Grace never will.
User avatar
c.o.
Native Resident
 
Posts: 141
Joined: Wed Jun 01, 2016 8:47 am
Location: suburban Chicago

Re: a philosophy of Worship

Postby nakedpreacher » Mon Aug 14, 2017 8:33 pm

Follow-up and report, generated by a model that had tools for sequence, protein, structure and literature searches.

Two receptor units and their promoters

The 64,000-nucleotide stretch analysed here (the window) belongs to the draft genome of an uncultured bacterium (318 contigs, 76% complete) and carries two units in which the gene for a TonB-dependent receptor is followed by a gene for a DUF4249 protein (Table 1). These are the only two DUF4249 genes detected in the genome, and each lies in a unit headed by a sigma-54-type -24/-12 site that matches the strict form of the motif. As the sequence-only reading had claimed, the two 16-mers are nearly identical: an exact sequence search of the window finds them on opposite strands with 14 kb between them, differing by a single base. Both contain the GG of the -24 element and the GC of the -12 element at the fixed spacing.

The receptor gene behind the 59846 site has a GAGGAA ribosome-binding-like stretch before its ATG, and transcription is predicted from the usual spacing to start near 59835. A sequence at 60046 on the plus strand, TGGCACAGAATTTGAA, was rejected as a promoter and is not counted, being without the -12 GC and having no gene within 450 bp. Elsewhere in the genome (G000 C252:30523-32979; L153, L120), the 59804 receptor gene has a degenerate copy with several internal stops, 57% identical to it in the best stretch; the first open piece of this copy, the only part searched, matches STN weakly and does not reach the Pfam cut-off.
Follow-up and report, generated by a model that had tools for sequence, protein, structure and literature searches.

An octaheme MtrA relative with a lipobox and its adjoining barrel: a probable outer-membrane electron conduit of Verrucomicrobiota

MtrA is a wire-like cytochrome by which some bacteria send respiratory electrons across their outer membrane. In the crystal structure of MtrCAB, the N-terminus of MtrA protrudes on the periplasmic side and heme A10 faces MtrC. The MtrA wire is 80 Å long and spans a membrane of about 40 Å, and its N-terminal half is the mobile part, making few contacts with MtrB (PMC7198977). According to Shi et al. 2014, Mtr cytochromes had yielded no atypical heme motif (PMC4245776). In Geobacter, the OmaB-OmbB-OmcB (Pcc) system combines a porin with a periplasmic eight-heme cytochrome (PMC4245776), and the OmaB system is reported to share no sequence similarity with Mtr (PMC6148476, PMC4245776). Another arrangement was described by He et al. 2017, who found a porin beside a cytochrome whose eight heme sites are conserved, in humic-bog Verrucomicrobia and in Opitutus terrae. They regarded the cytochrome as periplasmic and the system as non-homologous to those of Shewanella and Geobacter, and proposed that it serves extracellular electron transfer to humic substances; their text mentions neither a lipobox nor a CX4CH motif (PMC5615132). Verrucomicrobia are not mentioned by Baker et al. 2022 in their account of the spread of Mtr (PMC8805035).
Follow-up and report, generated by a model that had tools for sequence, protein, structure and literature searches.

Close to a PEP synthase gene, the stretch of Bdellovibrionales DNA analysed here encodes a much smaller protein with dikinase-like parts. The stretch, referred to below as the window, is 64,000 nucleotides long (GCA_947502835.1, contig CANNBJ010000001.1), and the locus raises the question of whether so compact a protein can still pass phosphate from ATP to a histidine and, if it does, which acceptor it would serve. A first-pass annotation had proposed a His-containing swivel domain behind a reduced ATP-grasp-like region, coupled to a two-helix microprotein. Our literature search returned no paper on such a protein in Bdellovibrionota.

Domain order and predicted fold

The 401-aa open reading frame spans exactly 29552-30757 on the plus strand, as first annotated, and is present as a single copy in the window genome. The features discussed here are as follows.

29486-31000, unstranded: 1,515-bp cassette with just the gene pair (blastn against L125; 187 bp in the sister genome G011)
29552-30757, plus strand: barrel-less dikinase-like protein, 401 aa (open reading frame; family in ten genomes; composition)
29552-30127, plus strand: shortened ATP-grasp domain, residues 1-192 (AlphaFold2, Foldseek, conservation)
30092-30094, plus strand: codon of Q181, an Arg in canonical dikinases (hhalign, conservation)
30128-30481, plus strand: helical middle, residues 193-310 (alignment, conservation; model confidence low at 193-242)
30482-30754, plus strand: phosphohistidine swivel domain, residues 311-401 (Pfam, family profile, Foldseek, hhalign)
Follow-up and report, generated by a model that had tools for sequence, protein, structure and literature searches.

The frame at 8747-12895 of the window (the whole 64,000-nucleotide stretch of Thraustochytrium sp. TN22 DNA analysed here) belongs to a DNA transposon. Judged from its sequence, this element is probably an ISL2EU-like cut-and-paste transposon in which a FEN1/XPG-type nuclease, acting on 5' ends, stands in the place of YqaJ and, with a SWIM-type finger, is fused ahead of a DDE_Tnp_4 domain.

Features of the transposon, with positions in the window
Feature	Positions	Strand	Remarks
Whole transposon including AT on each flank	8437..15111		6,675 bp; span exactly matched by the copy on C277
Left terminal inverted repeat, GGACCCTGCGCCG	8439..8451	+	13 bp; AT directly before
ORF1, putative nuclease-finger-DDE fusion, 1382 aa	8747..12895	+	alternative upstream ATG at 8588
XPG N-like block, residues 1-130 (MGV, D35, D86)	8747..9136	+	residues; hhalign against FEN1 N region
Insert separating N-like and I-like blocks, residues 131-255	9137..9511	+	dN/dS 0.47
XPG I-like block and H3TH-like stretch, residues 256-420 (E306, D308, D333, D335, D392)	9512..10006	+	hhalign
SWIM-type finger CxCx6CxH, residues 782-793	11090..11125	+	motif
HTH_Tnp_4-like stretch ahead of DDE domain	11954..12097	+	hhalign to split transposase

I personally love the Call and Response style of worship, in the church I grew up in we called them responsive readings and there was a whole section of them in the back of our Hymnal... which we never used. The repetition which worries me is not responsive reading, nor prayers which are recited (be it Lord's prayer or any other memorized prayer) nor Catechism, nor Creeds. All of these may be useful to the believer for comfort, encouragement or knowing what to answer when ones faith is challenged; all of these have value in the life of the believer, even those recited by rote. What I am referring to is the repetition of a phrase of a song beyond the point which is justified by the phrase itself. In the service which I mentioned in my original post, we repeated, "let us become more aware of your presence, let us experience the glory of your goodness" somewhere between 30 and 40 times. (I hope I am not about to pick on someone's favorite song) It seems to me that this is a throw away phrase, since we choose to concentrate or to allow ourselves to be distracted from the presence of the Lord. Whether or not we experience his presence is not up to Him; He is there wherever we gather in the name of Christ, we choose to pay attention to his presence or not. That presence is there in the singing of songs, the reading of Scripture, the preaching of the Word, and the fellowship of believers but we do not experience it if we ignore Him. The Phrase became a nearly hypnotic device which I believe dulled the minds of the congregants (that is how I felt about it anyway). There was not enough truth in the phrase to bear that much repetition. That being said, I will often repeat the last portion of "How Deep the Fathers Love for Us" from, "why should I gain from his reward" a second time and then the last phrase, "His wounds have paid my ransom" a third time because this is a concept which I want to reinforce in the congregants memories, that it is actually his righteousness which we receive, and our sin which he took. Even this concept however, should not be repeated 30 times. I hope that this explains my caution about repetition to excess.